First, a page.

A couple of years into my run of doing snippets for That Place, I had noticed a few things. Some people didn't write anything about what they did. Their managers obviously didn't care, and so on up the line. When it came time to figure out what they had been doing for the purposes of a peer review, you couldn't use that as a hint.
I never figured out what made people ignore these things. Were they "too good" to explicitly tell people what they were up to? Did they do it on purpose so you couldn't see how little they got done in a typical week? Was there some other devious plan? Who knows.
Then there was the time they started screwing around with the way it worked. First, they moved the nag mails to Friday afternoon. Now you had to make sure you didn't whack that mail if you encountered it before Monday morning when you'd normally do your update. I think that only lasted a week, though, and it apparently reverted to Monday.
Not too long after that, they disabled recognition of holidays because, well, "Mountain View is not the world", or something like that. Instead of localizing the system for the user and their set of holidays, it would just pretend none of them existed.
You see, previously, it knew about Mondays which were holidays, and would delay the nag mail until Tuesday. This was great, since you could then reply to it by that magic time on Tuesday and it would still apply to the prior week. It assumed that you didn't log in to work and do mail on the holiday, and gave you an extra day to sync up. It worked just fine in my experience.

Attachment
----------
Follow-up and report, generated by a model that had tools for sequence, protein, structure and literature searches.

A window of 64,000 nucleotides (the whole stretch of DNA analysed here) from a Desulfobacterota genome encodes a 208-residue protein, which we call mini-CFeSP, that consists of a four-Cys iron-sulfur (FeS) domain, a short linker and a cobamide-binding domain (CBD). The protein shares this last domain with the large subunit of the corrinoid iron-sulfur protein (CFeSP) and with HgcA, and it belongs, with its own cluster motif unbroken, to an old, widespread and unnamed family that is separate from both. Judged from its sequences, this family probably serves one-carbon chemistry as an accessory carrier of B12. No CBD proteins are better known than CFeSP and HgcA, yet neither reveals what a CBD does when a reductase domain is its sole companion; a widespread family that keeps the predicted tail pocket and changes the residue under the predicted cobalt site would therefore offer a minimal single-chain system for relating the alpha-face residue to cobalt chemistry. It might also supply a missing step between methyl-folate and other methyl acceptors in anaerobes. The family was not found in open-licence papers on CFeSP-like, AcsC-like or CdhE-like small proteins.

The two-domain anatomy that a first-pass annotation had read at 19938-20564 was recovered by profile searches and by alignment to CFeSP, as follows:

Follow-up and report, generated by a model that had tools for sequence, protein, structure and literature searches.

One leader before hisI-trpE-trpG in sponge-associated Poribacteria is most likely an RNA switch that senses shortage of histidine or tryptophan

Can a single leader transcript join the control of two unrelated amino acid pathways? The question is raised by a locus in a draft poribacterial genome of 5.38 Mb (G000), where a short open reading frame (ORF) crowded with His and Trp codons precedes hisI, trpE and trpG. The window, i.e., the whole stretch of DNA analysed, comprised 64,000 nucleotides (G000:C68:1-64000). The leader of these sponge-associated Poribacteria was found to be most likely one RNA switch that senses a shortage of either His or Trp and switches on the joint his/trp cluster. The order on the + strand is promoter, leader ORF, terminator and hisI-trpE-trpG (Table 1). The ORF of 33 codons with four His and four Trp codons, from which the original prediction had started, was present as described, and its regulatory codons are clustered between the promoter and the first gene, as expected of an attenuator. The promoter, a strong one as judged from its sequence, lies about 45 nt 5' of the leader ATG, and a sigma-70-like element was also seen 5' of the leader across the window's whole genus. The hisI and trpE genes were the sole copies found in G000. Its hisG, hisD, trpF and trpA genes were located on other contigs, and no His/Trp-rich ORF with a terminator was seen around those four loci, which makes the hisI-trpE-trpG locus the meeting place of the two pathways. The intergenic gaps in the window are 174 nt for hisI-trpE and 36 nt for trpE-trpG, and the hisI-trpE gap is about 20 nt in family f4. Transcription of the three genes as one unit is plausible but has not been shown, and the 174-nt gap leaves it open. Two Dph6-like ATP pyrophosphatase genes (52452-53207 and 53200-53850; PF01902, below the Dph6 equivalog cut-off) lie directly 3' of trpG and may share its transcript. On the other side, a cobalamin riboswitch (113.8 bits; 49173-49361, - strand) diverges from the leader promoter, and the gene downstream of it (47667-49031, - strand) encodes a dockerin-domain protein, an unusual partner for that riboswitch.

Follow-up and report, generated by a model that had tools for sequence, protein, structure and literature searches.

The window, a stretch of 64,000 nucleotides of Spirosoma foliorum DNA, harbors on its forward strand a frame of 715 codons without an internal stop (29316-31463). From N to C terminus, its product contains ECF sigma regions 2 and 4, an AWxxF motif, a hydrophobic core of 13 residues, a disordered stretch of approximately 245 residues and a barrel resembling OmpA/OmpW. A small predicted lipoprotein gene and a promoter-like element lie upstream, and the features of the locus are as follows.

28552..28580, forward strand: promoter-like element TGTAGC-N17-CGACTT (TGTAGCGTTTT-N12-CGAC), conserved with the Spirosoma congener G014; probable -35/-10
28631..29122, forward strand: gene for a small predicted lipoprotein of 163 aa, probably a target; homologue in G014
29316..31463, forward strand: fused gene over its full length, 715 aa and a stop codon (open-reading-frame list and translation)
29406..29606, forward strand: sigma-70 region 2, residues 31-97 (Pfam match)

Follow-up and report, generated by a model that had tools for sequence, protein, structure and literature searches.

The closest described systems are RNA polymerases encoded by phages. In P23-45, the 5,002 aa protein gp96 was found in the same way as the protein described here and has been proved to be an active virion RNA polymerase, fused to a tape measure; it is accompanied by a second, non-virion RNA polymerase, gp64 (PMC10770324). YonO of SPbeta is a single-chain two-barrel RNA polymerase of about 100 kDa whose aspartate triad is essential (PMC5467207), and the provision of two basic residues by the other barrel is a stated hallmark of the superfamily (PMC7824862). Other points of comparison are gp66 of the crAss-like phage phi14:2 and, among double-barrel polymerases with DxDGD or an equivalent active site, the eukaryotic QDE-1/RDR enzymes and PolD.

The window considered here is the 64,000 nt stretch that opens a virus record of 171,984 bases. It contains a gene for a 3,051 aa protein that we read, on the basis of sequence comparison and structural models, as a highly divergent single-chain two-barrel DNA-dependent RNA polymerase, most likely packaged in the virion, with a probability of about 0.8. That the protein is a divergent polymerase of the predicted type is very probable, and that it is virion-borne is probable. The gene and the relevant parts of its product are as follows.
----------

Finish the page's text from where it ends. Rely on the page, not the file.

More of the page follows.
When they turned off holiday recognition, it started nagging everyone on Monday no matter what. Of course, this happened around Labor Day, which is a Monday holiday in this part of the world. By the time everyone got to work on Tuesday, it was too late to just reply and have it go to the right place. If you cared about getting it right, you'd have to manually go to the site and drop your update into the prior week.
I always wondered how many people had their snippets shifted due to this. If you think about it, it would make some weeks have no report, and some weeks would get a double dose: the one which showed up "late", plus the next one which showed up on time a week later. It could be rather confusing.
Of course, some projects decided they weren't going to write snippets on purpose. One in particular went off and did their whole thing in secret, and locked everyone out of everything they could control. You couldn't discover what they were up to from snippets, and you couldn't see anything in their code reviews, either. The actual code itself was locked down and secret, and you had to be on this stupid list of "special people" to get around any of that.
They missed locking down a few things, so it became possible to see some of what they were up to just by digging around in a couple of unconventional places. What I found didn't seem to make much sense. It was a big bunch of crazy. When it finally launched, it was slow, confusing, and didn't have much happening in there. Hardly anyone knew what to do with it. They apparently didn't know what to do with it, either.
I wonder if the lack of openness make this happen. By operating in secret like that, any sort of oversight from people who had useful experience in different arenas was forcibly rejected. All of those "what are they doing about X" questions did finally happen all at once when they did their internal demo, but it was too late by then. They launched a couple of weeks later, and all of those problems were still there, naturally. There was no way to address them by this point.
Then again, just flaunting the "we're special and you're not" probably earned them the "evil eye" from more than a few people. If curses really exist, I'm sure more than a few were floated around due to this.
What project do you think I'm talking about? Do you have some idea?
Are you sure?
Do you realize I could be describing several?
Oh yeah. Believe it.